Wondrous Words Wednesday 02•18•09

Wondrous Words Wednesday is a cool new meme that Kathy from BermudaOnion recently came up with. The basic idea is for participants to share new (to them) words they’ve come across in their reading. This is a great opportunity to expand our vocabularies and maybe even try out some of the new and wondrous words we learn. I’m excited about this meme, but then I was always the kid who looked forward to spelling tests :P


Here are a few words (and an expression) I’ve come across this week, that made me reach for the dictionary:

• auguries

Source - Found in The Polysyllabic Spree by Nick Hornby 
Usage - ”Despite all these various auguries, I hadn’t necessarily expected to read every word of the Lowell biography, but Hamilton is such a good writer, and Lowell’s life was so tumultuous, that it was gone in a couple of days, like an Elmore Leonard novel.”
Definition - from the word augury, an omen, token, or indication. A sign of something coming.

• phaeton 

Source - From F. Scott Fitzgerald’s short story, The Curious Case of Benjamin Button 
Usage - ”Then he turned sharply, and without another word climbed into his phaeton, which was waiting at the curbstone, and drove severely away.” 
Definition - A four-wheeled carriage (with or without a top), open, or having no side pieces, in front of the seat. It is drawn by one or two horses.


• fin de siècle

Source - Stumbled across this expression in the novel About The Author by John Colapinto 
Usage
- ”It’s a fin de siècle Bright Lights, Big City, with a GenX twist and some post-mo juju thrown in for good measure.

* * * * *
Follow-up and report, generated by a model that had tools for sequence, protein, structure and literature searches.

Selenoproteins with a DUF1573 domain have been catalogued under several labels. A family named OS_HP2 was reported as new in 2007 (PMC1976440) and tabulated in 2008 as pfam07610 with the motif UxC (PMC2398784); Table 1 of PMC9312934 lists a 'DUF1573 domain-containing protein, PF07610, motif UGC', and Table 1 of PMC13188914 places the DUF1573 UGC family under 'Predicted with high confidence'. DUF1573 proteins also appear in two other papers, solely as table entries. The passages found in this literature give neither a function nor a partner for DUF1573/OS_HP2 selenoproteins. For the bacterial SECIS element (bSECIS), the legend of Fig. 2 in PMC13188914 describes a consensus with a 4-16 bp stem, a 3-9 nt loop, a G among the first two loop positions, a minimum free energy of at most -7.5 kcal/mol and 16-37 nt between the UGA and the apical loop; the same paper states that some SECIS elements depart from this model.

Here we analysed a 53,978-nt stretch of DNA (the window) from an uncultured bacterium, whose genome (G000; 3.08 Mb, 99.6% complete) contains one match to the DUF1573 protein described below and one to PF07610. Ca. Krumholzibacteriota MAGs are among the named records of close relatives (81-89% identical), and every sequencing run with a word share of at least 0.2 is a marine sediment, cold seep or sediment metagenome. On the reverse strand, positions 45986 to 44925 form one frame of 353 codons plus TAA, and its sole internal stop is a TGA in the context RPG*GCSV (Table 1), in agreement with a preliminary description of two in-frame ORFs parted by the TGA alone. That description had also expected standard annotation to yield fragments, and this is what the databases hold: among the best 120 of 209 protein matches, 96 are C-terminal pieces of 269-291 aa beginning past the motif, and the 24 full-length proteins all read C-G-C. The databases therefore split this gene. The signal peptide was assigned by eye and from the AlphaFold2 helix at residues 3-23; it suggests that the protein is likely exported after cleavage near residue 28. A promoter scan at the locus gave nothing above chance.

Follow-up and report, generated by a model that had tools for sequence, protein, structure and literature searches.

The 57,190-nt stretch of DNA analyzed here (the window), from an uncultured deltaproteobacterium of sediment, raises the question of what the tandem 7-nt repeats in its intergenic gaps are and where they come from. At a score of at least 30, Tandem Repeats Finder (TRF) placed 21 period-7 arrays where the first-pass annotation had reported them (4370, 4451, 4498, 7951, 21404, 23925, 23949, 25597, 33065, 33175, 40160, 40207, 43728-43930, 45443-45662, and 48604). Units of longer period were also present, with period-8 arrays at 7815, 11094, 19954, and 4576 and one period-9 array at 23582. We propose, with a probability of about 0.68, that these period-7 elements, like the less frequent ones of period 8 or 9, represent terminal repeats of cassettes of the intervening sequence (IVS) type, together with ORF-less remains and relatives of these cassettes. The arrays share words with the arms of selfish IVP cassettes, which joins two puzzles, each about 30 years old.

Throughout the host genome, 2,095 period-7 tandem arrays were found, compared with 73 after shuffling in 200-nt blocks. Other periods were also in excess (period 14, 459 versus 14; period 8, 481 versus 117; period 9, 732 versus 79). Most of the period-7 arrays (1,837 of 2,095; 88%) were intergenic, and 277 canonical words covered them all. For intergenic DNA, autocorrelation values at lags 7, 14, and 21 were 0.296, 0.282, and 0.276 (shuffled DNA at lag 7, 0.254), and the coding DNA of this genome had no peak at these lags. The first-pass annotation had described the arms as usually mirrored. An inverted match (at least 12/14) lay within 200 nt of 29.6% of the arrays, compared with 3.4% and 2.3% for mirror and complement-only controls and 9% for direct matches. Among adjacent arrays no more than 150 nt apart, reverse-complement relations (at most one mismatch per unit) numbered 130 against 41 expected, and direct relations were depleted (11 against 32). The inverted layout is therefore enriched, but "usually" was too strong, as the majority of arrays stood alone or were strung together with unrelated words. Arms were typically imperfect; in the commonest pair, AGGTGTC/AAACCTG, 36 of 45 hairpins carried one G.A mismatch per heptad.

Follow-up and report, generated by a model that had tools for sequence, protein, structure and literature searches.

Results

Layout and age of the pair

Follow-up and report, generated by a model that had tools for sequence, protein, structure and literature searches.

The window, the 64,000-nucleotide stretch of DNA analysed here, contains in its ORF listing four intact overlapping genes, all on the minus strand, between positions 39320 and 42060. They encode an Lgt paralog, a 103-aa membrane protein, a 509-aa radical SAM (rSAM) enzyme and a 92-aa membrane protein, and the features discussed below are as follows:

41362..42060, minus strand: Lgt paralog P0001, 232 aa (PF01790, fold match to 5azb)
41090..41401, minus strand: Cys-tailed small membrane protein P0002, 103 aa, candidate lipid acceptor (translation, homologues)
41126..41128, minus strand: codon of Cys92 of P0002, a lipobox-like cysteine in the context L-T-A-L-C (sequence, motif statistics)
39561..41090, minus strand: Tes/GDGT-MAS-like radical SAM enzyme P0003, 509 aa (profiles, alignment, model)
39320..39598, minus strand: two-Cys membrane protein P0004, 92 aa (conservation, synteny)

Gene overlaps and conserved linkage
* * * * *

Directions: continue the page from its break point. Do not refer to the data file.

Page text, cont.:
Definition - French term meaning the end of the century, mostly used in English to signify, belonging to, or characteristic of, the close of the 19th century. Modern or up-to-date.


Come across any great new words, phrases or expressions this week? Or would you just like to see what’s prompted people to define? Then head over to BermudaOnion Weblog’s for Wondrous Words Wednesday.



© 2008-2010 Joanne Mosher of The Book Zombie. All rights reserved.

13 comments:

avisannschild said...

I love the way you formatted this post! I'd seen all your words/expressions before, although I would have had trouble defining phaeton exactly. Since I speak French, I knew the literal meaning of fin de siècle, but I didn't know it was primarily used to mean the end of the 19th century.

My WWW post is here.

bermudaonion said...

Thanks for playing along. Like Avis, I knew the literal translation for fin de siecle, but not it's meaning.

Serena said...

I love the word phaeton!

Nymeth said...

I love how you organized the post too!

Beth F said...

Great list of words. People who read fantasies get to know the word auguries early on!

Phyl/Bookishgal said...

I hear ya, about the spelling tests. I bet you never got any words incorrect either. :-)

I knew these words (I still don't know how to pronounce "phaeton" properly), but I hadn't realized fin de siècle had that more specialized meaning. That's fascinating.

And here are mine.

An Anonymous Child said...

I knew phaeton and auguries but my French has never been so good. Usually when I stumble across French sayings in classics I just ask someone who does know some French or I just pass over it. That made reading "Villette" a little difficult...

Chris said...

Well this is just a fun new meme! I'm going to have to start marking words in my books and playing along :)

Chris said...

Well this is just a fun new meme! I'm going to have to start marking words in my books and playing along :)

bkclubcare said...

I'm excited to see all these vocab posts! Also, if you like rockabilly, there was (sad, past tense?!) a band called The Phaetons and you can see them here: http://www.youtube.com/watch?v=4lTU4eVLAe4

Melissa said...

Cool post! I always associate phaetons with Georgette Heyer books. :-) Love your blog--I'm a follower and it's on my blogroll.

Have a great weekend!

Trish said...

I love reading everyone's words for this weekly feature! I think the first time I heard fin de siecle was in reference to Oscar Wilde's The Picture of Dorian Gray. I'll forever associate Wilde with the term.

Hazel said...

I've come across phaeton in Pride and Prejudice. Thanks for taking up the other two. I love learning things like these.